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Court rejects new painting on grounds of style and size

09 May 2014

RICHARD RYDER/RICHARD WHINCOP

THE Consistory Court of the diocese of Chichester refused to grant a petition by the PCC for a retrospective faculty to hang a new painting in St Mary and St Nicholas's, Lavant, a Grade I listed building dating from the 12th or 13th century. The painting (above and below), by a local artist, Richard Whincop, depicts the baptism of Christ in a modern setting, and was intended to be mounted on the west wall of the church, adjacent to the font.

The previous Rector had seen Mr Whincop's work at a Roman Catholic Church in Scotland, and had commissioned the painting without having first obtained a faculty. Mr Whincop stated in a note attached to the petition, that he drew upon William Blake's poem "Jerusalem", and that the picture incorporated the landscape of the countryside around Lavant, using local imagery.

The petitioners said that the proposal was to hang the picture where a utilitarian noticeboard currently hung, that it would bring that corner of the church to life, and would link the ministry of Jesus with the act of baptism at the font. They also said that, since being hung in position for a trial period, the painting had received unanimous acclaim, and that some members of the community had been moved to tears by its spirituality and presence.

The Diocesan Advisory Committee (DAC) did not recommend the proposed introduction of the painting, however, and said that its "style was not in keeping with the interior of the building", and that it was "too large for its intended location". The DAC encouraged the parish to consider relocating the painting to the parish-room extension. The Church Buildings Council (CAB) considered that the painting was "theologically interesting, even if not to all tastes", and recommended that a confirmatory faculty be granted for five years, after which time the matter could be reassessed.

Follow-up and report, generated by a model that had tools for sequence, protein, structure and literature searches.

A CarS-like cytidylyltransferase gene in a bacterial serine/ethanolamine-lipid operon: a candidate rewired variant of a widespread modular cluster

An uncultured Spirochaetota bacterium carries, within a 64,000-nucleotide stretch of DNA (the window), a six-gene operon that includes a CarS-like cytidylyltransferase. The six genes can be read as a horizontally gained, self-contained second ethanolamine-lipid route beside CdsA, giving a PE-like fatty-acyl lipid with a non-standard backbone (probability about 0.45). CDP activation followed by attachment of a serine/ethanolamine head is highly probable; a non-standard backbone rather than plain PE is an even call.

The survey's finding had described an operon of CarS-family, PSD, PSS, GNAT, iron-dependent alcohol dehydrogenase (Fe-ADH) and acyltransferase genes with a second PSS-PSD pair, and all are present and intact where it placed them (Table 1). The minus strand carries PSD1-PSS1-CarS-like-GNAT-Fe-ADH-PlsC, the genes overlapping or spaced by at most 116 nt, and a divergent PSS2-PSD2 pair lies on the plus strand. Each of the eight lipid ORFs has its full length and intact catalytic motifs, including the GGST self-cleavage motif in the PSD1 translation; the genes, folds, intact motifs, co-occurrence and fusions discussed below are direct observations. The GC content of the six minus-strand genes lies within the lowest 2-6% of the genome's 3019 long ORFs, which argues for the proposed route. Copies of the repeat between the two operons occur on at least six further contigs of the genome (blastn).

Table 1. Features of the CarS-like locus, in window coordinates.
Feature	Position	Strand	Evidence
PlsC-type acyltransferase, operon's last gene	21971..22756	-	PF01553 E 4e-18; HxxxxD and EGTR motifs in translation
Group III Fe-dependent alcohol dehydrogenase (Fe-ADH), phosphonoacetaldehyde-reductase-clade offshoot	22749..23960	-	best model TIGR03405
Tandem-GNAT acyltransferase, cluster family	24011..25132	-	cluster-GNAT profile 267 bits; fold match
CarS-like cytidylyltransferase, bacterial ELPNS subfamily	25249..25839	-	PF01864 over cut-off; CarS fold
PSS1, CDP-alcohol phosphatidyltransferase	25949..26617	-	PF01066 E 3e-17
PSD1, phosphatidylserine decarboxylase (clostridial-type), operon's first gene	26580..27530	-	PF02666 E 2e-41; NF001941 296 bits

As for the introduction of the painting without a faculty, the Chancellor, the Worshipful Mark Hill QC, said that it was "a source of considerable concern that a previous incumbent and churchwardens should have had such cavalier disregard of the faculty jurisdiction".

On the instructions of the Archdeacon, the painting had been removed once it was recognised that no faculty had been obtained. Strictly speaking, the removal of unlawful furnishings also required the authority of a faculty. The Chancellor said, however, that in the particular circumstances he was prepared to overlook that second oversight.

He said that he "took a dim view" of the actions of the previous Rector and churchwardens, but that it would not be proper to allow that conduct to be determinative of the present petition for a retrospective faculty. The issue was whether, if an application had been made prospectively, it would have been granted.

There had been lack of unanimity in the PCC when a decision was taken to seek a retrospective faculty. The public notice had elicited one objector who stated that "there are many within the worshipping members of the church who believe the painting . . . has no place being displayed on the walls of a Grade I listed building".

Whenever a change in a church was proposed, the burden of proof lay on those seeking the faculty to justify the need for the change, and a higher standard needed to be met when the church concerned was Grade I listed. After considering all the information, the Chancellor was of the opinion that the petitioners had failed to discharge that burden of proof.

As for the CBC's "lukewarm" support and suggestion that any permission be limited to five years, the Chancellor said that either the picture had artistic and aesthetic qualities justifying its introduction or it had not, and he was not convinced that there could be "some form of halfway house by which an otherwise objectionable item becomes permissible, but for a fixed-term of years, subject to a review". The faculty jurisdiction must have a long-term view, even when proposals were relatively modest and reversible, he said.

Refusing the faculty, the Chancellor said that, although there might well be a significant majority in the PCC and the worshipping congregation more generally in favour of the picture, the objections on the grounds of size, aesthetics, and suitability for its proposed position in this Grade I listed church all militated against the faculty.

The petitioners had failed to satisfy him that "the visual intrusion of this unashamedly modern image into this fine historic church can be justified".

 

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